Inclusive Innovation at the 20th Annual Summit Against Racism
Creating Pipelines for Youth in the New Pittsburgh Tech Economy
The Summit Against Racism creates opportunities for attendees to learn, connect, and act on behalf of racial justice. This year marked the 20th Annual Summit Against Racism gathering in Pittsburgh. The Summit is a flagship event for all Pittsburgh organizers who are working towards healing trauma, building community, and inspiring actions.
At the Summit, the Inclusive Innovation team had the opportunity to host a panel of experts and highlight the organizations who are addressing educational gaps and exposing youth to the jobs of tomorrow. Our panel was titled “Creating Pipelines for Youth in Pittsburgh’s New Tech Economy” and featured speakers from all over the city such as Ariel Hermitt (All Star Code), Jerome (All Star Code), Olivia Kissel (Startable Pittsburgh), Ani Martinez (Remake Learning), Kenny Chen (Ascender), and Marcus Jeter (Resus Technologies).
Defining the problems.
As Pittsburgh becomes an Innovation Hub with ground breaking research and technology resources, it is crucial to create pipelines for local youth to partake in the workforce of tomorrow. Many of our young population do not have the digital resources or computer science programs to prepare them for the technical careers of the future. Instead, local technology companies and startups hire newcomers from outside the region rather than cultivating talent within. Without role-models who look like them, without pathways to success, without the investment of the higher education institutions, how can local youth compete? Through this session, we hoped to highlight the lack of diversity in Pittsburgh’s tech scene and foster a more diverse generation of future leaders in the technology and entrepreneurial fields.
“Black and Hispanic workers make 7.4% and 8% of employees in the tech sector” — Equal Employment Opportunity Commission report
The tech sector is the source of an increasing number of jobs in the United States. Ensuring a sufficient supply of workers that qualify for these tech jobs will be crucial at the local and national level. According to the Equal Employment Opportunity Commission report, Black and Hispanic or Latinx workers make up 14.4% and 13.9% of the private workforce overall, respectively. In the tech sector as a whole, they are 7.4% and 8% of employees. Women are also underrepresented, making up just 36% of tech employees compared to 48% of all workers. These numbers are not any different in the Pittsburgh region. Marcus of Resus Technologies and Kenny from Ascender have both been involved in Pittsburgh’s tech industry and reiterated their observations of the lack of diversity.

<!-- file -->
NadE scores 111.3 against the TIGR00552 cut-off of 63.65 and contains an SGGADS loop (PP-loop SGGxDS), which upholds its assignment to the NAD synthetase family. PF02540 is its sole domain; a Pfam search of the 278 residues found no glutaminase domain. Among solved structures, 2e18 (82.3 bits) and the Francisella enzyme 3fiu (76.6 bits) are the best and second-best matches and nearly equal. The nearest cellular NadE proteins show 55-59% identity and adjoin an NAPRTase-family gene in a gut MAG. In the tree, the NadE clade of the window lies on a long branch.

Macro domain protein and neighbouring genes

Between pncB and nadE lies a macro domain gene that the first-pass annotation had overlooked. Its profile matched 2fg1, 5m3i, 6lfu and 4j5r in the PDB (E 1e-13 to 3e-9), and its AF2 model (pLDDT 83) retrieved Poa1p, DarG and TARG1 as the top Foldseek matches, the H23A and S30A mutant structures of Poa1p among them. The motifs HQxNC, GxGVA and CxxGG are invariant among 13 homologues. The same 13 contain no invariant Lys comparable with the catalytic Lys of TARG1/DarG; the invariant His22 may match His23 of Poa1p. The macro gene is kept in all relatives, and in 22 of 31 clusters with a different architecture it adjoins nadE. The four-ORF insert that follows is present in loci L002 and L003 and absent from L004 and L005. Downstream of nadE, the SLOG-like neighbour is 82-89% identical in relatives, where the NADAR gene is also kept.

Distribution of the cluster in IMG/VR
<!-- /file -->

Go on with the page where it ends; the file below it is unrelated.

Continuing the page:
Vibrant Pittsburgh’s Pittsburgh Regional Diversity Survey states that in the region’s workforce, African Americans are the largest single racial and ethnic minority group, making up 8.2 percent of the general population in southwestern Pennsylvania. They also have the deepest roots and a long history of struggling to claim their share of jobs, particularly those that offer careers with opportunities to advance their position and income. They are, for example, the only minority workers with average incomes lower than their white coworkers in every industry.
“Last year, there were only 16 black males graduating from education master programs across Pennsylvania” — Ani Martinez, Remake Learning Network
During the past five years, the city has experienced a rise in programs that are working on addressing the lack of diversity in not just the tech sector but all industries.
What the panelists had to say.
At the Summit, panelists discussed the effect of the fast-changing Pittsburgh tech scene on youth and some ways that youth of color can start getting exposed to programs in tech and STEM education. For example, local organizations such as Startable Pittsburgh, All Star Code, and Remake Learning, are exposing youth to skills and careers in which they can dream of creating and building something for themselves — engaging in an entrepreneurial mindset.